Wim Wenders' "Land of Plenty". A love-hate relationship with the USA


Term Paper, 2008
9 Pages, Grade: 2,0
Adam Seitz (Author)

Excerpt

Wim Wenders: Land of Plenty

"My first remembrances of America are of a mythical land where everything is better." [1] ––

Wim Wenders, in the 1980s

"Indeed, I feel betrayed in my love to this country and its ideas. More precisely, I think that the Americans themselves get betrayed beyond belief. […] This is what "Land of Plenty" is about.” [2] – – Wim Wenders, 2004

Professionally, Wenders left Europe for the United States only once. And it was a disaster. The shooting, or better the two shootings of “Hammett” between 1977 and 1982 as an “employed” director under Francis Ford Coppola’s control ended in a personal nightmare. It was a kind of filmmaking he never would accept. Accustomed to writing his own story which would usually change during the process of filming, and used to choosing his actors and his crew, Coppola’s Hollywood-style approach in the production of “Hammett” was a blow to Wenders’ professional ambitions in the United States. Asked if he wanted to work there again, he said that “it would be too much of a loss of autonomy. The way they despise and destroy their abundance of talent is appalling. The films are not made by artists, but by agents and lawyers.”[3] A couple of years later, his tone appeared to be more moderate: "It was a comprehensive experience [and] one of the most important at the same time.”[4] Nevertheless, ever since “Hammett”, all of Wenders’ movies have been produced and financed through Europe.

“America” as a mythical place and the place of his dreams developed in his early youth. The fascination for this country, for its culture, especially for its cinema and its music, has been decisive throughout his life. After seeing “Easy Rider” in 1968, at the age of 23, he later explained that after leaving the cinema he “realized that [he] indeed looked like the people in the film, that [he] loved Jimi Hendrix, that [he’s] not served in many places, and that [he] too spent time in jail for literally nothing."[5] This is not just a statement about a film, more than that, it seemed to be an identification with the protagonists of “Easy Rider”. But, on the other hand, doubts about “American colonization in the heads of Europe”[6] obviously arose just as early.

Wenders’ “Hammett”-experience followed the decade of the 1970s, which in the United States, according to the Time Magazine, “as far as foreign films are concerned, [belonged] to the Germans.”[7] Wenders made more movies in or about the United States than any of the protagonists of the New German Cinema, and his early work already mirrors his affinity to (and influence of) U.S. American cinema and music. All of his early short films somehow refer to “America”. “Alabama: 2000 Light Years from Home” [sic!] (1968) and “Drei amerikanische LPs” (“Three American LPs”, 1969), for example, both combine road trips, pictures out of a driving car, and American popular music (Jimi Hendrix, Bob Dylan, John Coltrane, Van Morrison, Creedence Clearwater Revival, and Harvey Mandel). Austrian writer Peter Handke, with whom Wenders produced several movies since, stated of “Three American LPs” that you “can hardly imagine this American landscape without music anymore. This is a landscape, if you talk about it, [it] gets destroyed.”[8] Remember that the film was shot in the suburbs of Munich, West Germany; but it’s images (long shots of bleak constructions, a drive-in theater, a large Coca-Cola ad, etc.) show Munich as if it would be somewhere in the United States. The ongoing critical conversation between Wenders and Handke about “America”, the American music in the background, and the ongoing movement in form of a road trip “are signs which all mean the same: an America within us […]. The character of America in Wenders' films can't be dismissed easily. If you'd take away their American pole, they'd collapse.”[9] Without a doubt, to take away the “European pole” would have the same result.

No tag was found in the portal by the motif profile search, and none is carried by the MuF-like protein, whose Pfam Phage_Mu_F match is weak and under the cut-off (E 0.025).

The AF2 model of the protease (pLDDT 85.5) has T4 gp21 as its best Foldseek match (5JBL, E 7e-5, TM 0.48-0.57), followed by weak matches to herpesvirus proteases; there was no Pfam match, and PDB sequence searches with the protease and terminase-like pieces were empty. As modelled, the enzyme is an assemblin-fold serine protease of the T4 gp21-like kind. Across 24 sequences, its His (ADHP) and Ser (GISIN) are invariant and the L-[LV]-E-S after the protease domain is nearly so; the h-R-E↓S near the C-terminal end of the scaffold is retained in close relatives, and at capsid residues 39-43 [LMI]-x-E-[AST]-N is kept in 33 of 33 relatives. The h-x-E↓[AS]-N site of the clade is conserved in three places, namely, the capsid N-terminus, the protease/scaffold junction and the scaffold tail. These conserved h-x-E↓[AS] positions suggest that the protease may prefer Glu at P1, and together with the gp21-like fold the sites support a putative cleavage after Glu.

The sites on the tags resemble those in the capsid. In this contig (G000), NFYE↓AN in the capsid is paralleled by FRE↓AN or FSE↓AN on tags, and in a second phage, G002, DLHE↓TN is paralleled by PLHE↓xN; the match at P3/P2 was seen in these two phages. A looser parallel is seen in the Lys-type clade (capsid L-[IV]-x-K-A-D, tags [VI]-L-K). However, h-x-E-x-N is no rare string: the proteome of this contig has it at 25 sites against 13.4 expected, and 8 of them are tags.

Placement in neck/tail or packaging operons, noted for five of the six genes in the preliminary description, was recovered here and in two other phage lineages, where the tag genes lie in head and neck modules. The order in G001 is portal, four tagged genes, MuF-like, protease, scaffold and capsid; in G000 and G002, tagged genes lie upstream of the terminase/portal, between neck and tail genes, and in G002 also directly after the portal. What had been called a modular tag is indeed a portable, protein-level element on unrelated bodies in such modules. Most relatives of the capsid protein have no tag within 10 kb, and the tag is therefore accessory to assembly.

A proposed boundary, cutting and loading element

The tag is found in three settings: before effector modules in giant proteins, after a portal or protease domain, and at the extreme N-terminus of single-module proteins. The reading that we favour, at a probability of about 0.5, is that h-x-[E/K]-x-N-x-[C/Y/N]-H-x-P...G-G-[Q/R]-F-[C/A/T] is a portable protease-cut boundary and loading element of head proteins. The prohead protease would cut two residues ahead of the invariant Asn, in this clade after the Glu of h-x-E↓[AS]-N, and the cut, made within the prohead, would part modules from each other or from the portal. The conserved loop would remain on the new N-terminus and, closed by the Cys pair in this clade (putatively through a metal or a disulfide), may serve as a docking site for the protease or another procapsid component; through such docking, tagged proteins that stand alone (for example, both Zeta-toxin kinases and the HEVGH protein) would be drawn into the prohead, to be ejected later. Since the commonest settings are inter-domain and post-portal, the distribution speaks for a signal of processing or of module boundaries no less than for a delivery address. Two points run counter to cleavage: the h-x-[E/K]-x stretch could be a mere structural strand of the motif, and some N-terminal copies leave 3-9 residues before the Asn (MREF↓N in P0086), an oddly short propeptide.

Starting in the 1970s, Wenders continuously received international recognition, and after the "great traveler's" (Jean-Luc Godard) first permanent years in the USA at the latest, "one could no longer speak of a German director without hesitation."[10] Wenders built up a personal and professional network all over the world, besides the USA and “at home” in Germany especially in France and Japan. Even today, he is constantly relocating, mainly between Berlin, Paris and New York.

[...]


[1] Rauh, Reinhold: Wim Wenders und seine Filme, Munich 1990, p. 9.

[2] Bickermann, Daniel: Wim Wenders: A Sense of Place. Texte und Interviews, Frankfurt am Main 2005, p. 239.

[3] Interview in Der Spiegel 43/1987, pp. 234/235.

[4] Interview with Reinhold Rauh on Aug. 11, 1989, in: Rauh, p. 260.

[5] Rauh, p.14.

[6] Interview with Reinhold Rauh on Aug. 11, 1989, in: Rauh, p. 262.

[7] Gerald Clarke in Time Magazine, March 20, 1978.

[8] Rauh, p. 21.

[9] Jansen, Peter W. and Schütte, Wolfram (eds.): Wim Wenders, Munich and Vienna, 1992, pp. 8 and 16f.

[10] Rauh, p. 96. But is film ever a purely “national” product at all?

Excerpt out of 9 pages

Details

Title
Wim Wenders' "Land of Plenty". A love-hate relationship with the USA
College
University of California, Berkeley  (Department of History)
Course
U.S. Cultural and Intellectual History: Global Contexts
Grade
2,0
Author
Year
2008
Pages
9
Catalog Number
V130796
ISBN (eBook)
9783640398249
ISBN (Book)
9783640398164
File size
425 KB
Language
English
Notes
Hausarbeit, erstellt im Rahmen eines Seminars an der University of California at Berkeley bei Prof. Richard Cándida-Smith.
Tags
wenders, land, plenty, hassliebe, beispiel, films, jahr
Quote paper
Adam Seitz (Author), 2008, Wim Wenders' "Land of Plenty". A love-hate relationship with the USA, Munich, GRIN Verlag, https://www.grin.com/document/130796

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